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The result is access to an unprecedented pool of information with immediate and total accessibility, as well as highly available and scalable computational power.

As a consequence, the barriers to entry into a market have plummeted, making an organisation’s own ability to change more of a factor than, say, cost. In many markets, therefore, digital technologies are redistributing value across incumbents and new entrants. Through data, digital enables access to new sectors, breaking down boundaries between ecosystem partners. In addition, the lack of perceived quality from the perspective of the consumer for certain current servicesoffers a source of inspiration for start-ups looking to disintermediate large enterprises. This technology-driven revolution is breaking and reforming value chains and their boundaries: no sector is immune.

Most frequently, digitally-oriented business models are positioning themselves between existing suppliers or distributors, and their customers. For example, aggregators, delivering products and services from multiple organisations, offer comparison-based value propositions (for example, Booking.com, insurance comparison sites and so on) or variety-based models with an improved customer experience (for example, Amazon), or indeed new services often with the goal to gain time for the customer (for example, Urbit, DatingAssistant.com, KelDoc).

Such aggregators build direct relationships with end customers, relegating established organisations to the role of supplier. This empowers them with rich customer data, enabling them to anticipate customer choices and link this to marketing and micro-segmentation activities. Such organisations become the de facto route for accessing the markets; they also gain the ability to negotiate rates (for example, Booking.com) and, clearly, create an additional channel over which traditional organisations have minimal control. Numerous digital start-ups describe their business models around this notion of becoming a new intermediary, forging a direct relationship with the end customer and offering the resources that the customer needs. To this regard, the phenomenon of crowdfunding, demonstrated by platforms like Kickstarter, rings alarm bells for financial specialists such as banks, investment funds, business angels, insurers and loan organisations. In the tourism sector, Airbnb connects travellers with property owners. In real estate, Pap.com in France and Rightmove.com in the UK impact the margins of estate agencies.

Established organisations are right to be worried. Once such start-ups have built their own relationships with customers as ‘mere’ aggregators, each can then start to offer services as fully-fledged service providers (for example, BlaBlaCar, Zenpark). This trend hinges, sociologically, on liberating the customer from relationships with incumbent providers – a high-risk strategy for an established provider but less so for a disruptive start-up. As the digitally-enabled customer becomes more footloose, able to easily switch between service providers (for example, taxi service), the market will open wider to new entrants.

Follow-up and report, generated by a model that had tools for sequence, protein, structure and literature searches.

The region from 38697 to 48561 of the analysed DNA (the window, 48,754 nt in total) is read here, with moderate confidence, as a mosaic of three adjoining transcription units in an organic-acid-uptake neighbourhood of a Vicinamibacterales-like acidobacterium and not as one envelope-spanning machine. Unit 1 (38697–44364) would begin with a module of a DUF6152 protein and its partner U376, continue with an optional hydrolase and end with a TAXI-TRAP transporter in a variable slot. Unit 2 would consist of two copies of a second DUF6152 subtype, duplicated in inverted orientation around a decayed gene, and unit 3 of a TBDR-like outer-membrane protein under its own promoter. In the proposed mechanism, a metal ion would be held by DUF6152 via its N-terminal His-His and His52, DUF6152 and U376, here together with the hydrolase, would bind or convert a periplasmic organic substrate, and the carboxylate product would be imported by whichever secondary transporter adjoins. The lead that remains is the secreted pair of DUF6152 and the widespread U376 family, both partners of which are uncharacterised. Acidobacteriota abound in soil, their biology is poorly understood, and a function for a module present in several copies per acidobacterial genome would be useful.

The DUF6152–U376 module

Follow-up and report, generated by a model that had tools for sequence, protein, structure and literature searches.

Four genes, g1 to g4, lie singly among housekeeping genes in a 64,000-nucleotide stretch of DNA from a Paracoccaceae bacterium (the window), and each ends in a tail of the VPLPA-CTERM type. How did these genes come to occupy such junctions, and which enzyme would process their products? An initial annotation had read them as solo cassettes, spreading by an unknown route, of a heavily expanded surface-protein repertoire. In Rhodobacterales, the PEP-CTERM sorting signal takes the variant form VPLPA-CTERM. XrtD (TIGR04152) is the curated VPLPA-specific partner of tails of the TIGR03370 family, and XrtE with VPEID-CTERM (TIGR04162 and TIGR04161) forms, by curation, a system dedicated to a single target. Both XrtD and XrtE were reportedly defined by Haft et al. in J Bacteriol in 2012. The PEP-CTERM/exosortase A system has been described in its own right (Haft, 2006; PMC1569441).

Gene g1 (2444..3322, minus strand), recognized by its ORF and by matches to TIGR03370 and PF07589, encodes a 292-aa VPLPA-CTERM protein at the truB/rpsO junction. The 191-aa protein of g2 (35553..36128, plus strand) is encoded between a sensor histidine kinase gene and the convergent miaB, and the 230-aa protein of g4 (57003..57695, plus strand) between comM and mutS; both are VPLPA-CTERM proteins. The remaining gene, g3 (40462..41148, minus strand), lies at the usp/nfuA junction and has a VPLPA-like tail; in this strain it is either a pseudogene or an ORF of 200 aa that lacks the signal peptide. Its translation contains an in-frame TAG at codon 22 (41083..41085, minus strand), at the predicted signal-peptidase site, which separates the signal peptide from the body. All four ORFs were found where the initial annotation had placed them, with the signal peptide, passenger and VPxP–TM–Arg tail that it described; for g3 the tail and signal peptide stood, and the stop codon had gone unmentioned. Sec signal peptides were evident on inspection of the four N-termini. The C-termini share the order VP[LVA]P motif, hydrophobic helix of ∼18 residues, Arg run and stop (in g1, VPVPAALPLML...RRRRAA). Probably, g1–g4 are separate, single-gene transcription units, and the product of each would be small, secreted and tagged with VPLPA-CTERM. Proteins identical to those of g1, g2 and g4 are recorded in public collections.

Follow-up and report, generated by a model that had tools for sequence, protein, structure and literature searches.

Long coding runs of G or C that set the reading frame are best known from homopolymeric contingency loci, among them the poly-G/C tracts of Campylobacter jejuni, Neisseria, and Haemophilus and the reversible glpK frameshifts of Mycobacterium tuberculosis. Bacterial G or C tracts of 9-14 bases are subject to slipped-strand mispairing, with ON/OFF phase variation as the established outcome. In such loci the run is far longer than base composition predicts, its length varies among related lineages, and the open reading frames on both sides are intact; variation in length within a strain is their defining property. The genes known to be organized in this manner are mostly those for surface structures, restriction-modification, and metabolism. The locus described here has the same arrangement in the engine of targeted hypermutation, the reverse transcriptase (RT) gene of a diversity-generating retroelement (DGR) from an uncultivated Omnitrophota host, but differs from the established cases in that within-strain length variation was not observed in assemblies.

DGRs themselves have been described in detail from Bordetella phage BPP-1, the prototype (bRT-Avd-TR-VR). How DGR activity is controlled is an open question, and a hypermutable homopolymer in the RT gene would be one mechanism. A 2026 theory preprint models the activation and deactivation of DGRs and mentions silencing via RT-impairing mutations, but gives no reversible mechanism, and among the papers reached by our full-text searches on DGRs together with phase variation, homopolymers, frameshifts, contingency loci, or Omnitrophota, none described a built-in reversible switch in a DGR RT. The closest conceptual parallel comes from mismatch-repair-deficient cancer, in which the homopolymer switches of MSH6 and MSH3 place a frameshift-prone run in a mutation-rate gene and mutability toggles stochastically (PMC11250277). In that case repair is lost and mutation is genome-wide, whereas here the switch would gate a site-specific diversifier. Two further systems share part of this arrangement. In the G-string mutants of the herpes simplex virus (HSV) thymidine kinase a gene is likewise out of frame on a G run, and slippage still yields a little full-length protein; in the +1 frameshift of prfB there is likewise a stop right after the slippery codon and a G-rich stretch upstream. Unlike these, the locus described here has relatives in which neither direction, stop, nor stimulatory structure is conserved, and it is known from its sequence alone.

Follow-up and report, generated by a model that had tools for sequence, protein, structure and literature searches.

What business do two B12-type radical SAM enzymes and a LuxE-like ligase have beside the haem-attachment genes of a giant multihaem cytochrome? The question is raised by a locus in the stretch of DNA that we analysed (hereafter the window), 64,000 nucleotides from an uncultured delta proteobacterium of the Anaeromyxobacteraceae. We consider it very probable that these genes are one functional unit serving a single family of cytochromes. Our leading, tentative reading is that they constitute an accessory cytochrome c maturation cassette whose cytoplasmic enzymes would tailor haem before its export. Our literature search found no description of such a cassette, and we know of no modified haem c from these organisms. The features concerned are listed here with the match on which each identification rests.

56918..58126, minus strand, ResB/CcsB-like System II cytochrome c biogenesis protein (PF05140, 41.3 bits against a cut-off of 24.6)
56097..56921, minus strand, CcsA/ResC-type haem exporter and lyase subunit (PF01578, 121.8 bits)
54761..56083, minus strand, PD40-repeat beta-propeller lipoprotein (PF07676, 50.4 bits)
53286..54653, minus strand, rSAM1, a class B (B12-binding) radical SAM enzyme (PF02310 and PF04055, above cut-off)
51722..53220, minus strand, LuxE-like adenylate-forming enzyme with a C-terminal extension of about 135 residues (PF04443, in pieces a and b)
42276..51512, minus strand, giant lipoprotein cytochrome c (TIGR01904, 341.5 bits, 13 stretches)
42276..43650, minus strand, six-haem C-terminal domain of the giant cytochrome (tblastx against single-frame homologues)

Impact on a sector can vary: from the shrinkage of the addressable market for established players, right up to the complete destruction of the value chain and the emergence of new mechanisms and models for consuming very different services. Full-stack digital enterprises, of which Google and Amazon are leading the march, are not content to be a mere link in the value chain; they’re seeking to globally control the products and services their business models intermediate. To grow their client base, digital players can forcibly invest in a domain that is (in principle) foreign to them. Google launched itself into constructing a fibre network for example, rather than waiting for traditional operators to invest. Meanwhile, Netflix sidestepped the constraints imposed by production studios by developing its own TV series.

Such organisations will not be waiting around for traditional companies to re-take their market positions; more likely is that when the former group catch-up, they will find the market has already moved on, looking at other areas to aggregate and re-intermediate. The volumes of data created by clients and players across the ecosystem can enrich data from other industries, for example. The digital-first enterprise can therefore either propose it to existing clients as new services, or sell it to players in other industries (data as a service), carving out a first-mover position in whole new markets.

The bottom line is that established organisations have just as much opportunity to do the same if they are prepared to act as quickly, take similar risks and potentially cannibalise their existing models. Within this race towards intermediation and aggregation, only three possible scenarios exist: for an organisation to aggregate services, to be aggregated or to disappear completely. However, the choice of which path to follow is entirely in the hands of the business itself and how it decides to act.

  • Author

    Natalia Danon-Boileau

  • Eric Falque

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